Polymerization :


Polystyrene results when styrene monomers interconnect. In the polymerization, the carbon-carbon pi bond (in the vinyl group) is broken and a new carbon-carbon single (sigma) bond is shaped, attaching another styrene monomer to the chain. The newly formed sigma bond is much durable than the pi bond that was broken, thus it is very difficult to depolymerize polystyrene. About a few thousand monomers normally comprise a chain of polystyrene, giving a molecular weight of 100,000–400,000.

Atactic Polystyrene :

The only main commercially form of polystyrene is atactic, in which the phenyl groups are accidentally distributed on both sides of the polymer chain. This random positioning avoids the chains from aligning with sufficient regularity to achieve any crystallinity. The plastic has a glass transition temperature Tg of ~90 °C. Polymerization is initiated with free radicals.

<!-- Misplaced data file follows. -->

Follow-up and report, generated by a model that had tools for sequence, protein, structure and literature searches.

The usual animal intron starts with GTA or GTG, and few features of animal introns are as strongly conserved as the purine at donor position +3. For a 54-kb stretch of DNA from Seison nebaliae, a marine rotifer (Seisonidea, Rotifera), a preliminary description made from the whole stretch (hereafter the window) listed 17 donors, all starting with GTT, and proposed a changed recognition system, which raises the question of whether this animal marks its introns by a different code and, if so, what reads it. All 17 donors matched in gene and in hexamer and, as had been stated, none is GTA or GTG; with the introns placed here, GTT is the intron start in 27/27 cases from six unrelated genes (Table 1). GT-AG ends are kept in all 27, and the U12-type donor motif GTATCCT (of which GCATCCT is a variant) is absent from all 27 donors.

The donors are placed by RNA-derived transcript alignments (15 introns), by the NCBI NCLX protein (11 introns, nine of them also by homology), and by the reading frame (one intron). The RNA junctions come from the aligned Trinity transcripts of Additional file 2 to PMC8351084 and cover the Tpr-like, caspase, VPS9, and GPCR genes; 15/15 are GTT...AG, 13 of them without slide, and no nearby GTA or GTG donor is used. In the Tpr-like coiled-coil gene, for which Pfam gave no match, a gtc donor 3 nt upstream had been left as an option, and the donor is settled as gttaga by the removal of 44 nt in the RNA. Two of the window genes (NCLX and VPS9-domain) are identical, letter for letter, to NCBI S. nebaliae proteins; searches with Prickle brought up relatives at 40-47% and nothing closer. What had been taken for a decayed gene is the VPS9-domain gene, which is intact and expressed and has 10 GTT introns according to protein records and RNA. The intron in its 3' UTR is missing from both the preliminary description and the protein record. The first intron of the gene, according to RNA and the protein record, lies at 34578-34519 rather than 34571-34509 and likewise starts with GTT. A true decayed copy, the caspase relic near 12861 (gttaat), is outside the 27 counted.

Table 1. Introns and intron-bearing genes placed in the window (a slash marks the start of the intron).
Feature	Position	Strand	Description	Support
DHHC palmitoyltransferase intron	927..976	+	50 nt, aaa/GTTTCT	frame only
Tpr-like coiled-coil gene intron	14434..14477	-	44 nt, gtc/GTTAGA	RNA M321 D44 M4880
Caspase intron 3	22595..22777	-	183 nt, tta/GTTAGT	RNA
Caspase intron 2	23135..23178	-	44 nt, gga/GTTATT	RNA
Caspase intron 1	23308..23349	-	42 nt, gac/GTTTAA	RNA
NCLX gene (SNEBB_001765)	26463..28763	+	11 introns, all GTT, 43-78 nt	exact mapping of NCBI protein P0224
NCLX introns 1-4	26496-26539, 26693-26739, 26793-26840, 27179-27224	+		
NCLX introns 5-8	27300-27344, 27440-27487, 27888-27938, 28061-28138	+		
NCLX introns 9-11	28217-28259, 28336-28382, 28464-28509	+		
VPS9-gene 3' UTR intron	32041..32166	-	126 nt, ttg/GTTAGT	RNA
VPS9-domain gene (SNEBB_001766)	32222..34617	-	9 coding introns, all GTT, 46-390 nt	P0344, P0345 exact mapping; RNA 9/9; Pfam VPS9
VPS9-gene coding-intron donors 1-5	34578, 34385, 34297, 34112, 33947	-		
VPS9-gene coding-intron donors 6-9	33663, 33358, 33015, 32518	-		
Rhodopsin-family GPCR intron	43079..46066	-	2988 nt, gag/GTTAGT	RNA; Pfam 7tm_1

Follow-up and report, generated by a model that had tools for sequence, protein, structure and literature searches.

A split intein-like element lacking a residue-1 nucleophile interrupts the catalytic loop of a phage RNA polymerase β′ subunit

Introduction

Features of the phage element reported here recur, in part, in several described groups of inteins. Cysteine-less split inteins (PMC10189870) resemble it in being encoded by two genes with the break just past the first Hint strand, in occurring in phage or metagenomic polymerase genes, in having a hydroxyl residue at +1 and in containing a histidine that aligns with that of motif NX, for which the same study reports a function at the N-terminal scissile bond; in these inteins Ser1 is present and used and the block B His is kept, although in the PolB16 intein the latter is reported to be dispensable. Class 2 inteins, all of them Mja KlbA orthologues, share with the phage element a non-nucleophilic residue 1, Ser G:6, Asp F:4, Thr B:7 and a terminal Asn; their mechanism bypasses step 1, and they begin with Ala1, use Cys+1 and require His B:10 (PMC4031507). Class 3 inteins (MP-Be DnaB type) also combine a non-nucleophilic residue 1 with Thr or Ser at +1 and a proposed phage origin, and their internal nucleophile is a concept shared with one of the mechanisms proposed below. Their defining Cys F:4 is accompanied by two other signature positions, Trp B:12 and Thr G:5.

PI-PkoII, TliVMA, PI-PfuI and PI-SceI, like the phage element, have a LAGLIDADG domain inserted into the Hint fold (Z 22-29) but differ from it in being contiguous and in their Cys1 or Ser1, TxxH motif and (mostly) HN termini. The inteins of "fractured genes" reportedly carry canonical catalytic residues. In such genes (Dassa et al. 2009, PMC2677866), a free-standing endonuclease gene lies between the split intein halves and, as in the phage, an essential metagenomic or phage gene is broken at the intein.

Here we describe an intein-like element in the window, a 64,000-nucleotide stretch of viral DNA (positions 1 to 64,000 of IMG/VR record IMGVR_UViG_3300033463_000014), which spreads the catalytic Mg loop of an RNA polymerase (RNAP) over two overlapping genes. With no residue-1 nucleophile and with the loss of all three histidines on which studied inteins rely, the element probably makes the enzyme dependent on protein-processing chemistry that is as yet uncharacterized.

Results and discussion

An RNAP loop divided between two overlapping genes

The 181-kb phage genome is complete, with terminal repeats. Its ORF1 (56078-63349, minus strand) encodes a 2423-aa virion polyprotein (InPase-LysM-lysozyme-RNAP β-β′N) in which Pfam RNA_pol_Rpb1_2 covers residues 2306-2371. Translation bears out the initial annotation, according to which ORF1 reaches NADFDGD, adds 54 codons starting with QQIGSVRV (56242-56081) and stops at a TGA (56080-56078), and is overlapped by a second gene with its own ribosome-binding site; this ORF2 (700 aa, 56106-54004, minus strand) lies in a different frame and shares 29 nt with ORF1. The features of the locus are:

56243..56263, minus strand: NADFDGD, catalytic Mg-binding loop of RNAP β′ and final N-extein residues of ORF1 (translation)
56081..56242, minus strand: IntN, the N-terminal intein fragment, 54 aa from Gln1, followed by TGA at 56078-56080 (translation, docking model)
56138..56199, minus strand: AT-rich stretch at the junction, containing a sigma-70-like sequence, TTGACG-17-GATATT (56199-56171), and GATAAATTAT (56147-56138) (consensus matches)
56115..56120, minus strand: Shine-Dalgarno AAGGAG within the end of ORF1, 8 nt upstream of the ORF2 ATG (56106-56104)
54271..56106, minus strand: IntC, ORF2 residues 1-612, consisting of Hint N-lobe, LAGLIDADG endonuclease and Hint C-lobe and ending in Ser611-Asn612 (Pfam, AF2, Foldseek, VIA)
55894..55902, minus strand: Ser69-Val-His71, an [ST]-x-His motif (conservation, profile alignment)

Syndiotactic Polystyrene :

Ziegler-Natta polymerization could produce ordered syndiotactic polystyrene with the phenyl groups located on alternating sides of the hydrocarbon backbone. This form is highly crystalline with a Tm of 270 °C (518 °F). Such materials are not commercially produced .because the polymerization is slow.